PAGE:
subrogation or estate administration, by which one person is the successor to or acquires another person’s rights.19 It can also occur if the delivery of the note to that person constitutes a “transfer” (as that term is defined in UCC Article 3, see below) because transfer of a note “vests in the transferee any right of the transferor to enforce the instrument.”20 Thus, if a holder (who, as seen above, is a person entitled to enforce a note) transfers the note to another person, that other person (the transferee) obtains from the holder the right to enforce the note even if the transferee does not become the holder (as in the example below). Similarly, a subsequent transfer will result in the subsequent transferee being a person entitled to enforce the note. o Under what circumstances does delivery of a note qualify as a transfer? As stated in UCC Section 3-203(a), a note is transferred “when it is delivered by a person other than its issuer for the purpose of giving to the person receiving delivery the right to enforce the instrument.” For example, assume that the payee of a note sells it to an assignee, intending to transfer all of the payee’s rights to the note, but delivers the note to the assignee without indorsing it. The assignee will not qualify as a holder (because the note is still payable to the payee) but, because the transaction between the payee and the assignee qualifies as a transfer, the assignee now has all of the payee’s rights to enforce the note and thereby qualifies as the person entitled to enforce it. Thus, the failure to obtain the indorsement of the payee does not prevent a person in possession of the note from being the person entitled to enforce it, but demonstrating that status is more difficult. This is because the person in possession of the note must also demonstrate the purpose of the delivery of the note to it in order to qualify as the person entitled to enforce.21 There is a third method of qualifying as a person entitled to enforce a note that, unlike the previous two methods, does not require possession of the note. This method is quite limited – it applies only in cases in which “the person cannot reasonably obtain possession of the instrument because the instrument was destroyed, its whereabouts cannot be determined, or it is in the wrongful possession of an unknown person or a person that cannot be found or is not amenable to service of process.”22 In such a case, a person qualifies as a person entitled to enforce the note if the person demonstrates not only that one of those circumstances is present but also demonstrates that the person was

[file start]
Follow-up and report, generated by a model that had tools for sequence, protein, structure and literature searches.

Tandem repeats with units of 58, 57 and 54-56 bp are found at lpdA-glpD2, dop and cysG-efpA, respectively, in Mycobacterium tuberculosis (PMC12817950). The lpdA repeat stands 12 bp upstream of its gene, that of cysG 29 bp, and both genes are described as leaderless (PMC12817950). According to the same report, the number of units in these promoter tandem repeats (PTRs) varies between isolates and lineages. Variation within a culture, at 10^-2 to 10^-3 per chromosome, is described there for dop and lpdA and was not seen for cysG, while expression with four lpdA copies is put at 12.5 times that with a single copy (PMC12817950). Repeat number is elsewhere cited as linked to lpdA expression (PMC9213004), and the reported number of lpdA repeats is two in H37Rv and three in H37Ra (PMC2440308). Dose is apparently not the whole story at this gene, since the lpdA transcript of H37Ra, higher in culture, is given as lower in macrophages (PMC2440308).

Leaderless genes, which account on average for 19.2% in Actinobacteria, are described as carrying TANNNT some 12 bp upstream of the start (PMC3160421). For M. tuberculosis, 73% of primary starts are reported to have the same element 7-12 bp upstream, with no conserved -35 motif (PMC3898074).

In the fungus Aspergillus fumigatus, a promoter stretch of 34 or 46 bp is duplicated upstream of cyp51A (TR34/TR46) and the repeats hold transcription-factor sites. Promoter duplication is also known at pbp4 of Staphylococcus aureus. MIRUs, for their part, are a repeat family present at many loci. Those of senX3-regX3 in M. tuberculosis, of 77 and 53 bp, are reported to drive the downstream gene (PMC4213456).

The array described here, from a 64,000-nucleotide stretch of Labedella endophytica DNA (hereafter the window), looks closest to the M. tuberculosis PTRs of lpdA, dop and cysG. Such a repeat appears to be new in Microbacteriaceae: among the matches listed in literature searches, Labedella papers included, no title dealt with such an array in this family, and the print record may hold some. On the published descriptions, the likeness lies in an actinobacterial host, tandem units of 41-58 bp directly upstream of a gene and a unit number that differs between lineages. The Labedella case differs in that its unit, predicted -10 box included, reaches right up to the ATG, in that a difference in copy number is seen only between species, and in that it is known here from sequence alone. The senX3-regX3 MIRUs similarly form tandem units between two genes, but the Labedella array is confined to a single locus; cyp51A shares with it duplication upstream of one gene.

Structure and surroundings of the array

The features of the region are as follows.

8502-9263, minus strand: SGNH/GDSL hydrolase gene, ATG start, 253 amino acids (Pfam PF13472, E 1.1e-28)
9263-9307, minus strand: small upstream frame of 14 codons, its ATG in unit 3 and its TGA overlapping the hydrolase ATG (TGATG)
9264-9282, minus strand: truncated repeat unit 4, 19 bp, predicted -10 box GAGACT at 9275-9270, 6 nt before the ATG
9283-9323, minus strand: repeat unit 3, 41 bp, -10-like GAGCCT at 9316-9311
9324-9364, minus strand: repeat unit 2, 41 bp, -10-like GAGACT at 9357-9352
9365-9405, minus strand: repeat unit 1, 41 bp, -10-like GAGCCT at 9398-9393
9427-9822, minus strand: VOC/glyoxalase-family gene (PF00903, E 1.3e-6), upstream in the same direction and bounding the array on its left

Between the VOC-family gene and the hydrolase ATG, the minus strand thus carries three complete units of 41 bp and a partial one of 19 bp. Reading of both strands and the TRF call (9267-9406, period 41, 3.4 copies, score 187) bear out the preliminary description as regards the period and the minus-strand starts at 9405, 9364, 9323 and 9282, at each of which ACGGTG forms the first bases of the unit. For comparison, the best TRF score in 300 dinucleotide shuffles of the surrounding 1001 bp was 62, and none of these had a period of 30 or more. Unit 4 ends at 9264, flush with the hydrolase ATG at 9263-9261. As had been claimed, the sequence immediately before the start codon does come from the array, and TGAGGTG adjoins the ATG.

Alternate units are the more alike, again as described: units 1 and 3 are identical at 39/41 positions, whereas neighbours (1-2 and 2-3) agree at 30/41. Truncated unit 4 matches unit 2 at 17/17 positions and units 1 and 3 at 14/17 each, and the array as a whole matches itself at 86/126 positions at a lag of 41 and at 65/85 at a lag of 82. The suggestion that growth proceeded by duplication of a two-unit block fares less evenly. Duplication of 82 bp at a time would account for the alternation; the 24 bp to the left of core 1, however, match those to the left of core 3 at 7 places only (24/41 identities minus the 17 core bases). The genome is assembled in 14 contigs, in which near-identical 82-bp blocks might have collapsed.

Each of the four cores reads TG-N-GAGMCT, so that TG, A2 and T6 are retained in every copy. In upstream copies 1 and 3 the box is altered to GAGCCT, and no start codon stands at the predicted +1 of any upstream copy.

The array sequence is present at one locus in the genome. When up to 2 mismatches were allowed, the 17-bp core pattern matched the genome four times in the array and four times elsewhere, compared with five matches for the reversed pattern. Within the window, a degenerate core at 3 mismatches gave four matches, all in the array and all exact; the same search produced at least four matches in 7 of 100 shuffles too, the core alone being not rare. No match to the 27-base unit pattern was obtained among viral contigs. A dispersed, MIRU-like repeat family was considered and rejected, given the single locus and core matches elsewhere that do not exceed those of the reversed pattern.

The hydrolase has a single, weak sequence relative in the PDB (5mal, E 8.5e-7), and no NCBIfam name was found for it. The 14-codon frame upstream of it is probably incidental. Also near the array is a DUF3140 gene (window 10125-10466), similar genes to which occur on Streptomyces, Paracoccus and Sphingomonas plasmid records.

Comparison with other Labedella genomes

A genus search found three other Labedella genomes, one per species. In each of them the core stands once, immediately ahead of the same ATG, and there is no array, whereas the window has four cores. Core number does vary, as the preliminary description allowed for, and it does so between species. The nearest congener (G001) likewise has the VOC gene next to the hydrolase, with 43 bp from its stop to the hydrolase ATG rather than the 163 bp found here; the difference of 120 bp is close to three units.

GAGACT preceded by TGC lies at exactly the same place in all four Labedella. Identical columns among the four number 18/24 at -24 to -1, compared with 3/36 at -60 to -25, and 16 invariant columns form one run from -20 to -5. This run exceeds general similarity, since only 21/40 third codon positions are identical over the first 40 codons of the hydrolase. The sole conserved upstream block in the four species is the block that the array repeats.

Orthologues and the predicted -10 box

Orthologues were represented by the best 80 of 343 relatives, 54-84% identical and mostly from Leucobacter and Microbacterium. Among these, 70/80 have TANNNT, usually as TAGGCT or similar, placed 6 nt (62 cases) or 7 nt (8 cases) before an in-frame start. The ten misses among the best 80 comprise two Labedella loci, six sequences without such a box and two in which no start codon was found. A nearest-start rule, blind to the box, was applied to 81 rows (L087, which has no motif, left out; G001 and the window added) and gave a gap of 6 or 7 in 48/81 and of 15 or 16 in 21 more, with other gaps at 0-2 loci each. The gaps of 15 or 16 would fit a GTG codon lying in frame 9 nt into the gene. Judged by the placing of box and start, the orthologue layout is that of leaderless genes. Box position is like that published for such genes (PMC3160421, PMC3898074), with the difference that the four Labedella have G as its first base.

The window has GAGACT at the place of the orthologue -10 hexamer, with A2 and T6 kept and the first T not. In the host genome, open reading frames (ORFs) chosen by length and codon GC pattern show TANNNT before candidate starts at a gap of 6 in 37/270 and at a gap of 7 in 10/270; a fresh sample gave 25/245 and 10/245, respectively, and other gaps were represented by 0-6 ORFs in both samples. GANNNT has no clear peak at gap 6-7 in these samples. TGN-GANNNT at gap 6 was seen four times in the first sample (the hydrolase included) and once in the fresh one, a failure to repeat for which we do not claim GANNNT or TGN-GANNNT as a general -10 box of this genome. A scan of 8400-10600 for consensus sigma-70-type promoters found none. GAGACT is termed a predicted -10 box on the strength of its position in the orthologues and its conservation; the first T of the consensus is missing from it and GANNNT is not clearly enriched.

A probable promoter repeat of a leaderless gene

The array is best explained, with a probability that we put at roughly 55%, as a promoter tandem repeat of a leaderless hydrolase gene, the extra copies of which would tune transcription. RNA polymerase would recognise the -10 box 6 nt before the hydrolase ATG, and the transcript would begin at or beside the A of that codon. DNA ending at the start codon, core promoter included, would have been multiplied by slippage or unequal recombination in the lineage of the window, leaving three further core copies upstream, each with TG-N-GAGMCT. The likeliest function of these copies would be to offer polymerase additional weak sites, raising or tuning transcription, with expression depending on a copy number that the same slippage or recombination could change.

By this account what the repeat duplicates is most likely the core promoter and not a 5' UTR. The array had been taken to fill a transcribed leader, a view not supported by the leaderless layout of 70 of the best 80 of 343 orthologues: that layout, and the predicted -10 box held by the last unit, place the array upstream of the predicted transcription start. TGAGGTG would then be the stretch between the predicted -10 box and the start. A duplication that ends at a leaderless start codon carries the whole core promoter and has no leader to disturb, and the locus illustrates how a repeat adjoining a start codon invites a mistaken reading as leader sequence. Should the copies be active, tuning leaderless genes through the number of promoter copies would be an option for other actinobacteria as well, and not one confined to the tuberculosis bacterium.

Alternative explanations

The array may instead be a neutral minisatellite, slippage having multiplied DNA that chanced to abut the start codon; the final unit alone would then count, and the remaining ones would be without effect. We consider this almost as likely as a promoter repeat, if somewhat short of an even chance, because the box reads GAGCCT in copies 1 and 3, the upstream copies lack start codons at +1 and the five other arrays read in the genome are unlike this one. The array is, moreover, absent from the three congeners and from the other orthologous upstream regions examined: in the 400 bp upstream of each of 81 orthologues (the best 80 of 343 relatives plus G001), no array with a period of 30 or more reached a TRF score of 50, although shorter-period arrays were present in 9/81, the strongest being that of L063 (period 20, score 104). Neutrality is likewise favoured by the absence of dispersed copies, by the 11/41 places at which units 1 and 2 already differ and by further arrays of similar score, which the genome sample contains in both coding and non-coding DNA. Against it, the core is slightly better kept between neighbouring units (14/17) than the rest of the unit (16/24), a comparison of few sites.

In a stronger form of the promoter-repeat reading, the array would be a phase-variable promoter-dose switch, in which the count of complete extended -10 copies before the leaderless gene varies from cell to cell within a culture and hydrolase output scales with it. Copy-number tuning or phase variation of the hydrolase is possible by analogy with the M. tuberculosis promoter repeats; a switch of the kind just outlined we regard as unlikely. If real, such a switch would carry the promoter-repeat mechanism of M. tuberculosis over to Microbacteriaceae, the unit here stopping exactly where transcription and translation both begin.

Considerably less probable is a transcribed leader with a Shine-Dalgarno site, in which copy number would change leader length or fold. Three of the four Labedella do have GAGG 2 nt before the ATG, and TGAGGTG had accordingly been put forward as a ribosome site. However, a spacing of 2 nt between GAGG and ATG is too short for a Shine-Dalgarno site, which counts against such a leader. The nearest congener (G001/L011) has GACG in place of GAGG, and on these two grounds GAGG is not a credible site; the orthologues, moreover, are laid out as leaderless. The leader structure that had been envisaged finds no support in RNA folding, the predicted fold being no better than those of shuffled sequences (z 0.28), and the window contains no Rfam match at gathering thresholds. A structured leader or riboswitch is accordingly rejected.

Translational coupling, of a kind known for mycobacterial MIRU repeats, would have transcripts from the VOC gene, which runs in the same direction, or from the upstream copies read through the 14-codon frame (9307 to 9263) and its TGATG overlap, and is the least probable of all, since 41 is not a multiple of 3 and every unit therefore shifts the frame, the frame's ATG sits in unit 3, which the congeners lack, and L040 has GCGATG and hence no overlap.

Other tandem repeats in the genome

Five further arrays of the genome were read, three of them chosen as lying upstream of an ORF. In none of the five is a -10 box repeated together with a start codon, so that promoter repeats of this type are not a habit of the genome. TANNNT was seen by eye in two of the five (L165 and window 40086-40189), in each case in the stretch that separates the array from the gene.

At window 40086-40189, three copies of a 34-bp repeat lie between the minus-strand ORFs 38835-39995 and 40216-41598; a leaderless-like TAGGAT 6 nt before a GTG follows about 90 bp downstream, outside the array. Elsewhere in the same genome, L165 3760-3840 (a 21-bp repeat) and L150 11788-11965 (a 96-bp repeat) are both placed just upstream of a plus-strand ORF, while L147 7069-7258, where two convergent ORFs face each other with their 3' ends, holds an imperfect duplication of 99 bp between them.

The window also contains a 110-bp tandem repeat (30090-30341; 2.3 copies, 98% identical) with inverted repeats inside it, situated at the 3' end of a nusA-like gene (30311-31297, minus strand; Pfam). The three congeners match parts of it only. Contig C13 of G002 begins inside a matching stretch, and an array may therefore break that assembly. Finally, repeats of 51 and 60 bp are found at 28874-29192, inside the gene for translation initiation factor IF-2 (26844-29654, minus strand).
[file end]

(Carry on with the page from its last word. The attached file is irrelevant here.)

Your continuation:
See Official Comment to UCC § 3-301. UCC § 3-203(b). 21 If the note was transferred for value and the transferee does not qualify as a holder because of the lack of indorsement by the transferor, “the transferee has a specifically enforceable right to the unqualified indorsement of the transferor.” See UCC § 3-203(c). 22 UCC § 3-309(a)(iii) (1990 text), 3-309(a)(3) (2002 text). The 2002 text goes on to provide that a transferee from the person who lost possession of a note may also qualify as a person entitled to enforce it. See UCC § 3309(a)(1)(B) (2002). This point was thought to be implicit in the 1990 text, but was rejected in a federal district court opinion in which the issue was raised. 5